Because the vehicles are powered from the electrical grid rather than gasoline or diesel, there is zero local pollution. This does not solve the problems of air pollution—energy is only as clean as its total amount of emissions at the point where it is both generated and emitted, not just where it is emitted—but prospects for producing clean energy at electrical plants are much more promising than the prospects for our automobiles.

Unlike other solutions for reducing the pollution and energy consumption of personal transport, PRT systems don’t gamble upon uncertain future advances in technology. Electric-powered, hydrogen-fueled, and bio-fueled cars—the prospects for making these technologies economical (or, in some cases, work at all) are unknown. The problem is that science is not magic: some of these technologies may simply turn out to be dead-ends. Of course, the PRT idea hasn’t yet proven itself either, but the engineering required to make the system work consists wholly of combining well-understood technologies. For instance, probably the greatest area of uncertainty surrounding PRT’s is how such systems will handle heavy traffic loads. Though Anderson and other researchers have performed statistical analysis, this is the sort of thing where the details can only be worked out given a real-world system.

The closest analog to this kind of work is the writing of a computer operating system: an important component of an operating system is its “scheduler”, the code which allots processing time to the many programs running at one time on your computer; if the scheduling algorithm is not well-designed, human users will feel their system is unresponsive, and time-sensitive tasks (interactive games, audio, video, and so forth) will lag and stutter because their programs aren’t getting processor time often and long enough to do their jobs on time. The academic literature produced in the 1970’s and 1980’s on scheduling algorithms, while hardly worthless, turned out largely to be wrong (or at least inadequate) when multi-processing operating systems finally arrived to the masses in the 1990’s. So too will research on PRT traffic patterns be flawed until we have real-world systems to observe and tinker with. Still, that such kinks in the system can be worked out is a better bet than a “Manhattan Project” for energy, where engineers would be working on the edge of our understanding of how the universe works. Just as faster-than-light travel may simply not be possible, sufficiently efficient and green car motors may not be possible, so it would be foolish to stake our future entirely on the prospect of sufficient advances in automobile tech.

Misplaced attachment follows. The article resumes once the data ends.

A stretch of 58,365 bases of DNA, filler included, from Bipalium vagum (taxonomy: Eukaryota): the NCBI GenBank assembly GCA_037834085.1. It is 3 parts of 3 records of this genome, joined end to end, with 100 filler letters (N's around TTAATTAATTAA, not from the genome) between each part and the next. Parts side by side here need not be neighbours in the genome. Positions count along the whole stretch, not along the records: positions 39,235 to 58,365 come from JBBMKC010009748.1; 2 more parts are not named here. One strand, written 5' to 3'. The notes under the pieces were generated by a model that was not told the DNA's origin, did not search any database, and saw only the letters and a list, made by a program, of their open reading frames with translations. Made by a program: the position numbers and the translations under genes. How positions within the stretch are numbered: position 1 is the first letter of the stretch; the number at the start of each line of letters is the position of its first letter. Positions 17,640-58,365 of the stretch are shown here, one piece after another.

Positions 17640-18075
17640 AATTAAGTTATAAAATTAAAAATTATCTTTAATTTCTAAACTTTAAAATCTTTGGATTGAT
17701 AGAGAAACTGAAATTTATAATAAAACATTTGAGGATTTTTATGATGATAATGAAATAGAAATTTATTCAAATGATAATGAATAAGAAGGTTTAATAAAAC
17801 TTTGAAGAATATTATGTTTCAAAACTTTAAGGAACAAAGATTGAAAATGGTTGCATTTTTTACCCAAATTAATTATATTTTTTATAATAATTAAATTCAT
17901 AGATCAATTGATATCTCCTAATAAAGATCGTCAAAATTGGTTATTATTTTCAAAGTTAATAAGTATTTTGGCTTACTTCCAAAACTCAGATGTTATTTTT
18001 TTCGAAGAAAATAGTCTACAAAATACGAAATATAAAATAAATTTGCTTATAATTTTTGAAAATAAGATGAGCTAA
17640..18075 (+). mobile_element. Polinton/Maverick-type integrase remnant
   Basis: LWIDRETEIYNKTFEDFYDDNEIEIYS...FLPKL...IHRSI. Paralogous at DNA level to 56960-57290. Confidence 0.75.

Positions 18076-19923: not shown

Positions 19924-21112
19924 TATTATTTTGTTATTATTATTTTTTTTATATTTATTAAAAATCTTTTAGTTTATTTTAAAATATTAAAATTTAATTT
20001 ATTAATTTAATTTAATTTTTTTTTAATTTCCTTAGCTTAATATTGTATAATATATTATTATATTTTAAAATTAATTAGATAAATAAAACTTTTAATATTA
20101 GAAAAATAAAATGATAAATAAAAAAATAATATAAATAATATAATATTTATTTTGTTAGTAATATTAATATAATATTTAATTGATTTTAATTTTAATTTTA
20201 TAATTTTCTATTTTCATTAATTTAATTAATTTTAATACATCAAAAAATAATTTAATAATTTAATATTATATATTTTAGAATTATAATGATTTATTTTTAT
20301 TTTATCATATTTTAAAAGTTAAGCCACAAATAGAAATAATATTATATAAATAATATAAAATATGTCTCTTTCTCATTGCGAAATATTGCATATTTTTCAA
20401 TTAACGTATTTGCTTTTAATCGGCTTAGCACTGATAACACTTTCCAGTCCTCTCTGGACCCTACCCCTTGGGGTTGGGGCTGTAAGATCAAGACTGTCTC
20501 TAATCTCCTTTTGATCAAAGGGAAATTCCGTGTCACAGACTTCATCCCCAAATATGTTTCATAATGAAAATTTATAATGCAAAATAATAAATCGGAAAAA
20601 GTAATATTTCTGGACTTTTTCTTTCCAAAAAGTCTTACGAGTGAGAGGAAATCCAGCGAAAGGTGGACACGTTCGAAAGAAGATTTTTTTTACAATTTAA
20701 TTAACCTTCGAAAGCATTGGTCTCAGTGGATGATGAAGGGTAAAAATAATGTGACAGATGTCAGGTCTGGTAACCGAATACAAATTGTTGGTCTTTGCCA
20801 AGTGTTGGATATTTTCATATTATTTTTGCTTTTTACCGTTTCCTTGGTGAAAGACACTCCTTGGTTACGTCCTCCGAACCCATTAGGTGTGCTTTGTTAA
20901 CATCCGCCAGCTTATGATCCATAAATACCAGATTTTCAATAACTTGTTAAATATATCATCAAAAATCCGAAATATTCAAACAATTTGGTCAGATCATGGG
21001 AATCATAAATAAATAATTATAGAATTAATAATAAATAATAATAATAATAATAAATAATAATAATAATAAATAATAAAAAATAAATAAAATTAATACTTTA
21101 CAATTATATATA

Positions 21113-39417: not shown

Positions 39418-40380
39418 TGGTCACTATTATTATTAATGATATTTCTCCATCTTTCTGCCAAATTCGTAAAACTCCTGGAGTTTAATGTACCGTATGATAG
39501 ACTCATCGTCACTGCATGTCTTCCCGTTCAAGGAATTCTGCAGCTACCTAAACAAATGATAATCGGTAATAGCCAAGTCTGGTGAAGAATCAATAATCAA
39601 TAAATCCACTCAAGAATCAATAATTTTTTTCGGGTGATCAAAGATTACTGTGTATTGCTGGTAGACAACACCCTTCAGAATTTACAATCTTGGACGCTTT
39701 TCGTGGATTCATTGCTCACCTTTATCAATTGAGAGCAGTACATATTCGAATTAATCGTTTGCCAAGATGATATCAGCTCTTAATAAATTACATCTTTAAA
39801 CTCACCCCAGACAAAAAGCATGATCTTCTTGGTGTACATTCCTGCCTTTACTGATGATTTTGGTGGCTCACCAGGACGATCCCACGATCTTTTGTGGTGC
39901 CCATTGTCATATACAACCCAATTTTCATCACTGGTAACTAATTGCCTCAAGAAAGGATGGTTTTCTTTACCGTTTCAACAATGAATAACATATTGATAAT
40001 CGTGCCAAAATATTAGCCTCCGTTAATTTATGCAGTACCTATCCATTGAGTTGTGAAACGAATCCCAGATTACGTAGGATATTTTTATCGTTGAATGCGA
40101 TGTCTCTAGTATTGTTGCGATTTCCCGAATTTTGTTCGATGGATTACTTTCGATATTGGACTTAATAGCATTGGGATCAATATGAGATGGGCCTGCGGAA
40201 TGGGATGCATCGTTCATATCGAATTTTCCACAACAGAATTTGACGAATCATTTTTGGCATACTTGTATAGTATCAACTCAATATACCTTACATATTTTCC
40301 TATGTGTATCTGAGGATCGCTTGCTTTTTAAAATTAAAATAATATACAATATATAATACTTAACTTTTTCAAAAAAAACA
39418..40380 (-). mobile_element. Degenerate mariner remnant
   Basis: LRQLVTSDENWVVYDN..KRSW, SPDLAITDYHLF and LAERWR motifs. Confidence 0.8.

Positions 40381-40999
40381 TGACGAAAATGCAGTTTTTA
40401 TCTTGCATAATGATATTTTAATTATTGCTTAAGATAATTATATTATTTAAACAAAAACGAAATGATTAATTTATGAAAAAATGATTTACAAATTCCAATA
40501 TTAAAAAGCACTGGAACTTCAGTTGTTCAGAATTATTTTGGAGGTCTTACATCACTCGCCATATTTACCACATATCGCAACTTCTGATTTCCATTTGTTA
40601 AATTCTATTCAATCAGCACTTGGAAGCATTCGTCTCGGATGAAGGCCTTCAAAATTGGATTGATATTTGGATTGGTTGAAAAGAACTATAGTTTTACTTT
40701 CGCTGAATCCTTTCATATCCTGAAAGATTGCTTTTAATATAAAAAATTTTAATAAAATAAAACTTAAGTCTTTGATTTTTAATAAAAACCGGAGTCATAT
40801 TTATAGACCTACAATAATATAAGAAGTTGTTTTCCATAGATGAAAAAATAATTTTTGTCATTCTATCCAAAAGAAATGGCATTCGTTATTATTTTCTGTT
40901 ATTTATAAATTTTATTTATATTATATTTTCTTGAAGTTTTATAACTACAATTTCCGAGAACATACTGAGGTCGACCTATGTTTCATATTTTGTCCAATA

The failure of the United States to successfully adopt mass-transit in most of its cities is widely attributed to Americans’ dislike for riding mass transit. The usual objections to mass transit largely don’t apply to a PRT system, as it offers these advantages over other transit systems like buses and light-rail: